Supa Centre sale an off-track win
Revhead heiress Betty Klimenko (pictured) has scored an off-track victory through a recent property sale. Her family group, Terrace Tower, sold the Supa Centa at Tuggerah on the NSW central coast.
Klimenko, daughter of the late property developer and co-founder of Westfield, John Saunders, is well known for her pink hair, tattoos, down-to-earth attitude and penchant for motorsport.
She owns the Erebus Motor Sport team, which runs a Mercedes-Benz that went around in Adelaide earlier this month as part of the formerly Ford and Holden-only V8 Supercar contest.
Motorsport fans should be able to spot her among the throng at next Sunday's Australian Grand Prix in Melbourne.
The Tuggerah centre, which is one of the better performers for big-box hardware chain Bunnings and includes other big name brands such as Bing Lee, Nick Scali, The Good Guys, Spotlight and others, was sold to Bunnings so it can increase the size of the store and give it a more modern format.
Embattled Gold Coast funds manager Peter Drake has called in the big guns to help his LM Investment Management in its stoush with Trilogy Capital Group.
Drake hired so-called "mayor maker" Graham Staerk as a lobbyist in November, and in recent weeks the former Gold Coast Bulletin columnist has been trying to repair LM's battered public image, wining and dining journalists around the country.
Staerk is no stranger to controversy - a former bankrupt, he ankled his Bully gig a couple of years ago after online newsletter Crikey revealed conflicts of interest with his lobbying clients.
He told CBD that LM wanted government to tighten access to registers of unitholders. This would make it harder for predators such as Trilogy to mount raids on the funds for which LM is the responsible entity.
"It wasn't set up to enable responsible entities to pirate each other's funds," Staerk said. "It needs to be tightened up to proscribe the misuse of the registry."
On the publicity side LM needs plenty of help, with a recent episode of ABC TV's Four Corners casting aspersions on Maddison Estate, a big Drake-backed development into which plenty of investors' funds have been poured.
However, relations with specialist website propertyreview.com.au appear to have soured, with Staerk blasting editor Nelson Yap by text message last week. In the message, obtained by CBD, Staerk accuses Yap of "blatantly running Trilogy's false agenda ... this is neither ethical or balanced".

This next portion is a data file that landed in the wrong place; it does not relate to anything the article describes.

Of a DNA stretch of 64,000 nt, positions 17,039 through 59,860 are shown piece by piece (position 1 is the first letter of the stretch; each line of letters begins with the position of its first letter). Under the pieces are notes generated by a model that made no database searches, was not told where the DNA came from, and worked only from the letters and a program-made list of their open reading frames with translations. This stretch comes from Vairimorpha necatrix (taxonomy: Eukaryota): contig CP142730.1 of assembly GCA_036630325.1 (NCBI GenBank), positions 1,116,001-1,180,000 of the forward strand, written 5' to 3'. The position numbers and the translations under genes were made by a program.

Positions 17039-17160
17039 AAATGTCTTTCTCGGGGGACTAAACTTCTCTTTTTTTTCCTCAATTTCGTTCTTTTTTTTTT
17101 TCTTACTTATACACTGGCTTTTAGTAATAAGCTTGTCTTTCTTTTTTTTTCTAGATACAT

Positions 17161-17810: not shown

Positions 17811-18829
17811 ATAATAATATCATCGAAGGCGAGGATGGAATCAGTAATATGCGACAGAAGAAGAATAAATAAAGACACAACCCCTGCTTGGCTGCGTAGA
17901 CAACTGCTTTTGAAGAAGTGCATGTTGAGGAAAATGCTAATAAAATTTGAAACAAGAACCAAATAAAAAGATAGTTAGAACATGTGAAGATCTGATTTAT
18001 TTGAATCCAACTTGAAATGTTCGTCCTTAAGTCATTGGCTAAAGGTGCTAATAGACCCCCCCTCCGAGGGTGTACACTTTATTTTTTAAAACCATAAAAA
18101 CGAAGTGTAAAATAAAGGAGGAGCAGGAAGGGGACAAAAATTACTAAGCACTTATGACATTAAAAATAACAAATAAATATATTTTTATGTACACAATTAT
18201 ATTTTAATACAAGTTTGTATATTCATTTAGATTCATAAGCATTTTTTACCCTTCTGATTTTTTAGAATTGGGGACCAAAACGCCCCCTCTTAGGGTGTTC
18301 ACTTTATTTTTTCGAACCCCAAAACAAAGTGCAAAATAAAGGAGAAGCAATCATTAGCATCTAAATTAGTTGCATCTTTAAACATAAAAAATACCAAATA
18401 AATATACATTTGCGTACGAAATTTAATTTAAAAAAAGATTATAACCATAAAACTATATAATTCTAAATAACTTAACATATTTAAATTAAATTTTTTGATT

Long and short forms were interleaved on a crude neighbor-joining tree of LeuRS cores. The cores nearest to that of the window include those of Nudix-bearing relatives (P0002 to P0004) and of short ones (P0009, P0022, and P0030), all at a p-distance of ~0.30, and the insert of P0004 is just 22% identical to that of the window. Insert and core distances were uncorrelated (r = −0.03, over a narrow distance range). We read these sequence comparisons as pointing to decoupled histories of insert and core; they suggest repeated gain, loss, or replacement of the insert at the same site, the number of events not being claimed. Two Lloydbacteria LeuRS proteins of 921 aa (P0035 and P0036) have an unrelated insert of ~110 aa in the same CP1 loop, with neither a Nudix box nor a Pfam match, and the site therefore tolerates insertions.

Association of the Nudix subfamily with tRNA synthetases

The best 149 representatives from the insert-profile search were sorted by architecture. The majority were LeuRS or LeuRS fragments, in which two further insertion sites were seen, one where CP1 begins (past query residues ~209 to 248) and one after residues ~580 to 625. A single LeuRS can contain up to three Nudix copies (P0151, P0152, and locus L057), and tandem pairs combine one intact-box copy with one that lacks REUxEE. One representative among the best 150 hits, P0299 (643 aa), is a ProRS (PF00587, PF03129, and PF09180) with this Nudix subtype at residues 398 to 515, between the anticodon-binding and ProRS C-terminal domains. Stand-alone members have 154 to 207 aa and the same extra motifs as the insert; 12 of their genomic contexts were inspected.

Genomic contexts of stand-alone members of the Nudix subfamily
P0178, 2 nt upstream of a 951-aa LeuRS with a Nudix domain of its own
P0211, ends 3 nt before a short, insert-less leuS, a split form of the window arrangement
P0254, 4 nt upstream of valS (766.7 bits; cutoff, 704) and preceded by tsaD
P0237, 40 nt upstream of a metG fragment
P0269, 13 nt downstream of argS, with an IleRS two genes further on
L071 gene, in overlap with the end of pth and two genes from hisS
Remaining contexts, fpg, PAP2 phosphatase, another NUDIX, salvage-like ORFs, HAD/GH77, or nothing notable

"This matter will now be passed to LM's legal team to deal with," Staerk fulminated. "I will have no further contact."
Yap told CBD the text message - and an earlier phone call from Staerk - were "mysterious".
He said his website ran just two stories about LM and hadn't heard a peep from LM's lawyers.
"We have no arguments with LM, we are just reporting the news," he said.
They are at war in the courts and now fashion designer Kym Ellery has brought her battle with the Myer empire headed by Bernie Brookes to more comfortable territory - glossy magazine land.
Ellery has been on something of a PR blitz, with at least two soft-as-marshmallow profiles popping up in recent weeks.
First off the presses was a three-page photo spread in the March edition of Marie Claire, purporting to depict a day in the life of the wunderkind fashionista.
If the photos are to be believed, Ellery wears four different outfits (including a wetsuit) in the course of a day that sees her take a trip to the beach, drink coffee at a Bondi cafe and get out of the office and into a new outfit in time for dinner with her boyfriend at 6pm.
On Sunday it was News Ltd's turn, rolling out a four-page feature on Ellery's friendship with actor Phoebe Tonkin.
Readers learned that Ellery doesn't like calling her secondary range L'America "a diffusion line" - which is a key part of Myer's legal argument that the designer breached her exclusivity contract with the department store.
But those hoping for an update on the state of the legal stoush were left little the wiser, with Ellery saying only that the situation was "regrettable".
The use of the past tense might also lead the unwary to believe the case is over.
In fact, it returns to the Victorian Supreme Court for a directions hearing on Tuesday.
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